With the new infrastructure, I wanted the entire setup to be reproducible from a set of configuration files and scripts. This would mean that I can restore a fresh state anytime in the future, and provide a way to track changes in configuration. This also means that I can quickly spawn another Kubernetes setup to test new features safely.
Before I created installation automation scripts, I spent a while learning about how Kubernetes works by manually running the generic multi-node scripts Kubernetes provides, and failing repeatedly. A while back Sudharshan gave me one of his old OEM desktops, and it became really useful for testing Kubernetes installs. CoreOS is best installed using a Ignition configuration file. It's a JSON file with a specific format that CoreOS would read on the first boot and install the appropriate files or configurations specified. Usually, it is preferred to write these files in YML and then transpile them to JSON with a special tool. A great thing about CoreOS
Previously, DNS has been a pain to maintain. I was using a cloud DNS service, so for every subdomain, I would have to log on to CloudNS and use their web interface to update DNS records. This made it hard to switch DNS providers and easily edit records. And their three domain limit made it impossible to add my other domains, thus I had to run another DNS server. I made the decision to run BIND, but I had to run a service to update my zone files when my IP address changes because I didn't purchase a static IP.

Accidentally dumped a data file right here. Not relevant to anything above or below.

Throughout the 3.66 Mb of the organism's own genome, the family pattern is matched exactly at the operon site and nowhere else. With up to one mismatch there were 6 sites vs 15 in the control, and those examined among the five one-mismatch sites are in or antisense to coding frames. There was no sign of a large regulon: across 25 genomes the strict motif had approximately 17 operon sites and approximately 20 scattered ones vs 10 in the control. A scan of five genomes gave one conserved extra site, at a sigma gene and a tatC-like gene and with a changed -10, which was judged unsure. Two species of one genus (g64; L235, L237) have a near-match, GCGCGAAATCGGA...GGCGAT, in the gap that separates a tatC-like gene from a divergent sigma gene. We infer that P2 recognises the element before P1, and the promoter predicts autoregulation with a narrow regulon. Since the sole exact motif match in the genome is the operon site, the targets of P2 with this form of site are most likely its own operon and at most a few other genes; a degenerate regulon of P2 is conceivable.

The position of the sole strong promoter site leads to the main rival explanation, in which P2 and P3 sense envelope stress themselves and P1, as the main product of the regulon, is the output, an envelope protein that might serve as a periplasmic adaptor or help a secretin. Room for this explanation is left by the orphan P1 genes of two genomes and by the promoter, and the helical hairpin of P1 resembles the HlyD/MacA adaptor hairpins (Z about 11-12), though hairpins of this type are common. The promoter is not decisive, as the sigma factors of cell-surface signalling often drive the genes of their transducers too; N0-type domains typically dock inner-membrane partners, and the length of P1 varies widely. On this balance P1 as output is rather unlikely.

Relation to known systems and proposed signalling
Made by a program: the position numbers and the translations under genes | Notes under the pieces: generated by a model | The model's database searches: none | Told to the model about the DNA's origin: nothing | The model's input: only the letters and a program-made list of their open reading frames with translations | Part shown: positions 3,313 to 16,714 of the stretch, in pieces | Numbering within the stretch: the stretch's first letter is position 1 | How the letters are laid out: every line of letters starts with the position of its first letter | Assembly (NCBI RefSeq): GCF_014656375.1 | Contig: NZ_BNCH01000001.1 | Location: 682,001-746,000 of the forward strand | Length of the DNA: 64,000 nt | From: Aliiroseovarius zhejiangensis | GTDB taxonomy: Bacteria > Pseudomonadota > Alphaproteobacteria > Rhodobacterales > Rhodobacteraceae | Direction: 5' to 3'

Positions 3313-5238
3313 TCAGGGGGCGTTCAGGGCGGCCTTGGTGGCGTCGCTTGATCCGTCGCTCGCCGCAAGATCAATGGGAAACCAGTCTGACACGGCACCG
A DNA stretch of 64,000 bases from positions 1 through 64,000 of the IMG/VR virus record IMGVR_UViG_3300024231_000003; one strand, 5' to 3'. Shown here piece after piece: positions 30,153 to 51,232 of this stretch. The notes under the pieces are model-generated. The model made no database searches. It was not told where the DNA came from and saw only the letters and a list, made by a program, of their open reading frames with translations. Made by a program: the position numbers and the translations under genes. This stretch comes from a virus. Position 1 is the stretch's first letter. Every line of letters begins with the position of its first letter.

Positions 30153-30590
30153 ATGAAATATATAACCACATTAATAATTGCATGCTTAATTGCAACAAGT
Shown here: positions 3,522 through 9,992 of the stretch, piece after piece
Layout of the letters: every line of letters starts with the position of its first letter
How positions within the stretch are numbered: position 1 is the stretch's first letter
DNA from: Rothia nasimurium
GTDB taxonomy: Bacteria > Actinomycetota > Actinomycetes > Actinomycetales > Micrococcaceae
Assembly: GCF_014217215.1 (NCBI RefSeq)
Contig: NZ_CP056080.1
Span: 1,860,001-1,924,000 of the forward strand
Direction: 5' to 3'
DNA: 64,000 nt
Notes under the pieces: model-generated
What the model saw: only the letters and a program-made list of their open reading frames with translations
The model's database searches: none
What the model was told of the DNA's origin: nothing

To simplify my complex setup, I decided to host all my DNS locally and solve the dynamic IP problem at once. I made the switch from BIND to CoreDNS due to its extensibility. To ensure that parent DNS servers are always pointing to the right IP, I got a couple of free domains (an example is "ns.makerforce-infrastructure.gq") and pointed it to HE's DNS service, where I set up dynamic DNS updates. In my local zone files, I could also use CNAME records to point to the same d
After getting the hardware and installing embedded pfSense to a flash drive is configuration. My initial intention was to have my servers and home network (which guests use) on separate VLANs. However, I quickly realised that enabling VLANs caused poorer network performance, so I went back to a single network and used static DHCP allocations.
But I was still getting lower than 500Mbps speeds. My CPU was running at a 100%. While messing with settings, I found an odd solution: Enabling PowerD in System > Advanced > Miscellaneous. With it enabled, I could finally get close-to-gigabit speeds on wired clients!
My guess would be that PowerD allowed the CPU to run at higher clock rates.
After using this machine for a few days, I'm satisfied at the performance it delivers, for only $120 SGD! I'd recommend this to you for building a home server or router as a low-cost, low-power setup.
The case for this PC is not rackmounted, so I created a small shelf using a slab of wood and L brackets
October last year, I switched my routing to a virtual machine running pfSense, in the hopes of having better control over my home network. Turns out, many hiccups have occurred since the move. Issues with OpenVPN (which I have since disabled), Linux bridges being reassigned after software updates and other seemingly random issues. The virtual network card also caused a reduction in maximum throughput, saturating at 200Mbps instead of the 800Mpbs previously on the RT-N56U.
Since then, I've also been wanting to make the switch from services (like this blog and GitLab) running in user accounts and virtual machines to containers. Containers are isolated environments for processes to run in, providing the isolation of a virtual machine with close to native performance.
So here's the start to a series on the upgrade of our infrastructure to a new setup powered by containers! I'll also be documenting progress and code on GitHub.
To start off the upgrade, I needed a better router (because my sibl